Running on the Cracks from page to stage: Adapting

Adapting a novel for the stage demands both a rigorous and creative approach to reading – one that depends upon a solid understanding of the vital aspects of the story and its characters, as well as an ability to visualise different ways of representing this onstage. 

The Tron Theatre Company have spent the last year or so working with Pilot Theatre (York) to bring Julia Donaldson’s Running on the Cracks to a full production and tour. Venturing into darker territory than her more familiar work for younger audiences, the story draws on her experiences of family mental health issues.  It’s a novel that appealed to our Artistic Director as ripe for adaptation for a number of reasons. The story is set largely in Glasgow, so is directly relevant to the majority of our audience, while the key characters are compelling and likeable, and sufficiently well developed to exist outwith the narrative. 

Some novelists work in a style which particularly lends itself to adaptation, and Running on the Cracks provides well-paced dialogue that makes for a more straightforward transfer to stage.  Tron Artistic Director Andy Arnold says ‘a play tends to reduce everything down to the essential elements, and tends to be dialogue driven. If the book has sufficient dialogue – and this is key for me – then the task of writing it as a play script is made a lot easier, although it still needs a lot of manipulation to make it work. If I consider a novel to have the potential as a play then I tend to read it with a theatre director’s eye – imagining the story as a series of pictures on stage and focusing on the characters necessary to inhabit it as a play.’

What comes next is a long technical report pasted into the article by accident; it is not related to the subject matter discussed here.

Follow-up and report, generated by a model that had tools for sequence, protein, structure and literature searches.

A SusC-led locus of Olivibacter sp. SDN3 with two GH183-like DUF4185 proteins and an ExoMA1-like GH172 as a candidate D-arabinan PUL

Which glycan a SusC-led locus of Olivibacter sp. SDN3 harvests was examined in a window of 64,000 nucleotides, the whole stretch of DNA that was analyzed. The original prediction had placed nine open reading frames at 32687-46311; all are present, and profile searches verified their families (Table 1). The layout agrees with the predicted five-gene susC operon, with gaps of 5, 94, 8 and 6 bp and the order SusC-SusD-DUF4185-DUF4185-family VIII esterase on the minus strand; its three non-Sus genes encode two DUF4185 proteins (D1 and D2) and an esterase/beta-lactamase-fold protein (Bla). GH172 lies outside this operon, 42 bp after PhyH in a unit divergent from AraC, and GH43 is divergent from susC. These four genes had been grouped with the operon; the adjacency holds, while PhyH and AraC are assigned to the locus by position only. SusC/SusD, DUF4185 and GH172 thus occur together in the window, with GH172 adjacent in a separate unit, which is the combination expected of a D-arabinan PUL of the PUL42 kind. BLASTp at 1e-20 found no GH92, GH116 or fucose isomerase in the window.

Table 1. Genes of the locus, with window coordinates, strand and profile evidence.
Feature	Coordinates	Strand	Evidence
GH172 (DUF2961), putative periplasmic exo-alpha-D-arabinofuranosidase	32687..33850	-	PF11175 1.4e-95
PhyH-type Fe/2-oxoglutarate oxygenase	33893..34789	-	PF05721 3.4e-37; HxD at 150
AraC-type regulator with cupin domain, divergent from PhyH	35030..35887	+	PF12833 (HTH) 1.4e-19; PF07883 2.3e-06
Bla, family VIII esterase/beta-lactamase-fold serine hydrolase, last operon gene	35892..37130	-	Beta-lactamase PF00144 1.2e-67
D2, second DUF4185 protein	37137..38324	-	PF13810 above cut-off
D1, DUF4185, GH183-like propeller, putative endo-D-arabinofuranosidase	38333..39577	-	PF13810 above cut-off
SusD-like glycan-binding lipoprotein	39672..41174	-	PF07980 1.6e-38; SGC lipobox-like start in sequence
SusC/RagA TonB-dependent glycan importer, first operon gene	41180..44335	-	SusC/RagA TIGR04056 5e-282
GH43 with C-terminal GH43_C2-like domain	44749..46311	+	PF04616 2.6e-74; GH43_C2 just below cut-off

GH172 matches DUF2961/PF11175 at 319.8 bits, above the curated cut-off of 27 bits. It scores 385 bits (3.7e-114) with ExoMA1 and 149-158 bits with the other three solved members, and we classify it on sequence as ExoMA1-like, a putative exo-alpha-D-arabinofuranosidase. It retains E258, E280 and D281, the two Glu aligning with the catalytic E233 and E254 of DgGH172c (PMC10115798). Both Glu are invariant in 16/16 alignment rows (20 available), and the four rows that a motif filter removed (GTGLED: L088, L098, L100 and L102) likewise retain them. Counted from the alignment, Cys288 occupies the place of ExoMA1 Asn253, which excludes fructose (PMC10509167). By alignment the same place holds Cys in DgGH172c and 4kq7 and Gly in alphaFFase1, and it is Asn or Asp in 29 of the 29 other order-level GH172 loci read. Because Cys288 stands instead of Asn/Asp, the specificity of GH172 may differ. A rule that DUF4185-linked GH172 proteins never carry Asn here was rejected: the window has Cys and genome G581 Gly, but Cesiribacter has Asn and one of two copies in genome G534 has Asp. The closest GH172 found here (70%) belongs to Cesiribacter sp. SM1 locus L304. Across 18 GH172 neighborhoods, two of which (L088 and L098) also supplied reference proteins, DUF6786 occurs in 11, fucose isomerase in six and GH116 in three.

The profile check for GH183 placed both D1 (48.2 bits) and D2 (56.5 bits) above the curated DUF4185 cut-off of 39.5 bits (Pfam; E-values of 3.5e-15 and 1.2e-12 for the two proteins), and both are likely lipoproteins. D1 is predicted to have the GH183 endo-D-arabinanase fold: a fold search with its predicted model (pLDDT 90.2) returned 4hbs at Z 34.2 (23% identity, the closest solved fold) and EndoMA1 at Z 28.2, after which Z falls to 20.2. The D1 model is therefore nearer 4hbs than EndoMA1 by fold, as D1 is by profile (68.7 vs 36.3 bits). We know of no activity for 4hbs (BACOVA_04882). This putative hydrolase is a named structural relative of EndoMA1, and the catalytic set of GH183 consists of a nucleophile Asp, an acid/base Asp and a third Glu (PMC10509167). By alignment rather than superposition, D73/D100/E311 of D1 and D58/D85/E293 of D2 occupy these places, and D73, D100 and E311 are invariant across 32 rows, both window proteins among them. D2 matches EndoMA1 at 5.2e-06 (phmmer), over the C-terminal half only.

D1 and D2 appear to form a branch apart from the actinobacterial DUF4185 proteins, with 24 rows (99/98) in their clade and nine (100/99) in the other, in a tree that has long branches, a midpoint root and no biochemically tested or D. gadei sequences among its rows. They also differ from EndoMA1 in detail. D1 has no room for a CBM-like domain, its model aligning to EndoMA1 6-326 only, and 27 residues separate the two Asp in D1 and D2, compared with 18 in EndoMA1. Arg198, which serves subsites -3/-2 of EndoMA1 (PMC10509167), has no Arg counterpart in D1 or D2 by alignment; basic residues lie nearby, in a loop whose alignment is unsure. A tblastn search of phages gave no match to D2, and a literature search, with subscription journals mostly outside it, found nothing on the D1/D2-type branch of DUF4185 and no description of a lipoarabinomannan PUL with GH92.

What is most important is that the book has to be adapted in such a way that it becomes a piece of theatre in its own right rather than trying to be the novel on stage. This means making a number of choices concerning the content. Generally about 10% of a novel will end up in a play script. 

The central idea behind Running on the Cracks – the story of a runaway pursued by the police – is retained, and the relationships between key characters remain the same. But practical constraints of the theatre inform many of the decisions to adapt and change elements, so one character has been absorbed into another, and actors double up to play other characters. Creative embellishments on the novel are largely intended to make the story a little darker, so as to fit with the slightly older audience of S1/S2 audience.

Andy adds that: ‘One of the most important choices was to leave the ending more open than in the novel because theatre works differently to fiction. I would like a theatre audience to go away thinking and asking questions about what they've seen.’

Check out our other blog from the Tron Theatre explaining how to approach the challenge of adapting a novel for the stage.


Ailie MacDonald

Ailie MacDonald is Press and Marketing Officer at the Tron Theatre. She has previously worked for Edinburgh UNESCO City of Literature and Aberdeen University’s Word Writers Festival, and also worked as a Writer Development Intern for Scottish Book Trust.